As of this morning NASA Headquarters and all of the field centers across the country went to what is called Stage 2 of the response framework. That tells you everything you need to know, right? Cutting to the chase, it means work for me enters a new phase.
Because it’s NASA we’ve got at least our share of jargon, and in this case apparently no need to specify what we are responding to much less provide clarity as to why such response needs its own framework. But given the context of the news of the world, you can probably guess that we are responding to the threat of COVID-19, and Stage 2 means that all NASA civil servants are “strongly encouraged” to work remotely if possible.
Caveat 1: if your work cannot be done remotely, you can still come to the office anyway. Caveat 2: contractor employees “should reach out to their contracting officer’s representative” to find out what we’re supposed to do. In this case, we’re teleworking, too!
There are some things I do at work that have to be done at work, things involving both the recording of episodes of a podcast and the live broadcasting of a little weekly television show (which we lovingly and with full irony refer to as “the big show”), so right now I’ll still be going to the office. Not every day, and even then not all day. But this is a big deal for me: with only a few exceptions (search “Furlough Journal” blog posts in that box over to the right), “going to the office” for work is what I’ve been doing since the Carter Administration, so this could take some getting used to.
Not complaining…I know this whole situation is going to get worse all across in America: today more localities are asking, or ordering, restaurants and bars to close except for takeout or delivery to cut down on our chances of being in large crowds, whether we want that or not; here in Texas the state education commissioner is warning that public schools could remain closed for the rest of the school year; although there have been no deaths reported in our area (yet) the first area man who was reported positive without a travel-related cause is in very poor condition. So I’m very lucky that my biggest problem (so far) is getting smart about working from home, and a friend at work has helped us all by finding a list suggestions how to make the most of that. It starts by arguing in favor of wearing pants.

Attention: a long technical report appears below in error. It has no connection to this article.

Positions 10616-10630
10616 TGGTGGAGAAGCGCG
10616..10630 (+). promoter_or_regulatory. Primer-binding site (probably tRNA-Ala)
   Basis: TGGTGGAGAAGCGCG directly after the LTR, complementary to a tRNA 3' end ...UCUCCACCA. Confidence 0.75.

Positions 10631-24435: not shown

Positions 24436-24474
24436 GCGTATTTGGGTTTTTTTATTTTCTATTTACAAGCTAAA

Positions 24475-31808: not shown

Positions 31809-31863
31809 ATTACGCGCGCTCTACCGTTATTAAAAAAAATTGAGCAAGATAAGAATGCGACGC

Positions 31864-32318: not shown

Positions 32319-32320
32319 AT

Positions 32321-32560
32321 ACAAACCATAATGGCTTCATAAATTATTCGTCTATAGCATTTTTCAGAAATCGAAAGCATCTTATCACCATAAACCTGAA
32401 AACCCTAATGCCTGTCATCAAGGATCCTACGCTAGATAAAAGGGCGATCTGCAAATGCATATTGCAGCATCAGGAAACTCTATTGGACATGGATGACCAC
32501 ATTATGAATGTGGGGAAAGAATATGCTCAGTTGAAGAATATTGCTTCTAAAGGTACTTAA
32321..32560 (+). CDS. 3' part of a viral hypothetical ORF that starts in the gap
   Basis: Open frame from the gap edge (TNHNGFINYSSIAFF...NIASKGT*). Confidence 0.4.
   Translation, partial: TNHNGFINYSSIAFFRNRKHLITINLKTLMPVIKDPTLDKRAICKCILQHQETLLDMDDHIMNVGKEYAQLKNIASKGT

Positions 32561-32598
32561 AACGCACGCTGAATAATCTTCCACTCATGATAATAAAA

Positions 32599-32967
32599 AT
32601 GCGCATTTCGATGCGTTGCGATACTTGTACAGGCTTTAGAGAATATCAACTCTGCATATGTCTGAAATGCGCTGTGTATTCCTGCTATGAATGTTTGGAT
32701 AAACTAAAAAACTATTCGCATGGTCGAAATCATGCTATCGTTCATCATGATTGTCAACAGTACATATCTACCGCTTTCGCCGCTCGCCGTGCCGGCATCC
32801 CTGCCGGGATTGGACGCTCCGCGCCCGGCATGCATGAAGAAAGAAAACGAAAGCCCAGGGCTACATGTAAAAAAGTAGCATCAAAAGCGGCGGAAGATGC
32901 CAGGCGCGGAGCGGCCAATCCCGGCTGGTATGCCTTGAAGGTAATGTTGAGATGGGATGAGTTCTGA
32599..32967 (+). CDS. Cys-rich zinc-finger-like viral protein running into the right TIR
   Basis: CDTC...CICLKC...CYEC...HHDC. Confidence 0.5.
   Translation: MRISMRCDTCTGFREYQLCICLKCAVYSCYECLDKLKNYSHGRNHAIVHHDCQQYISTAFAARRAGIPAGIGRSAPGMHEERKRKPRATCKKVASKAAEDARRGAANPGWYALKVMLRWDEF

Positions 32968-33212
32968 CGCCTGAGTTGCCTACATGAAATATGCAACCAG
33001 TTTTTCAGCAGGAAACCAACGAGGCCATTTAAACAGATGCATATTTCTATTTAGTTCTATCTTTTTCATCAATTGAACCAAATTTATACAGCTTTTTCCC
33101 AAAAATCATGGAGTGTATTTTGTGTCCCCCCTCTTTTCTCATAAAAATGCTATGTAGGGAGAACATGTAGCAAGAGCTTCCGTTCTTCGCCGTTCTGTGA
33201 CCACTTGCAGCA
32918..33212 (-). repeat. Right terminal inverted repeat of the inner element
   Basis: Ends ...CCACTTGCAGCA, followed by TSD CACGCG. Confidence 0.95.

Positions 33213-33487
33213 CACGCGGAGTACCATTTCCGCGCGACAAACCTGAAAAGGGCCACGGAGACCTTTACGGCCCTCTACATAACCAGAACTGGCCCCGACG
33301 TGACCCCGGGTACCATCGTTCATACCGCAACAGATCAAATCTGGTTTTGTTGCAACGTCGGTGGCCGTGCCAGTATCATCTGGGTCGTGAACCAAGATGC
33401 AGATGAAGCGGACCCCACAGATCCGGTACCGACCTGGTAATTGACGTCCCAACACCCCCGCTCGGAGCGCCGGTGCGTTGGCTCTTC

Perhaps the most harmful decision I made in those early years was the embrace of the “No Pants Freelance” lifestyle. I took it literally, often only working in a t-shirt and underwear. Hey, I never saw clients, why get dressed? Well, turns out that was a terrible decision.
Not only does your personal hygiene suffer, your mental clarity will too. Over days, weeks, and months, I became a shell of a human. Depression and anxiety start to take over, and before you know it, you’re a complete mess both in and out of work. This was precisely what I wanted to avoid this time.
I’ve now built a morning routine, which I’ll get to shortly, but the culmination is getting dressed for work. I put on pants everyday. Pants. Not shorts, not pajama pants, but a pair of pants. I’ll wear a button down shirt or t-shirt each day, but the pants are essential. This is my brain telling my body that I am going to work.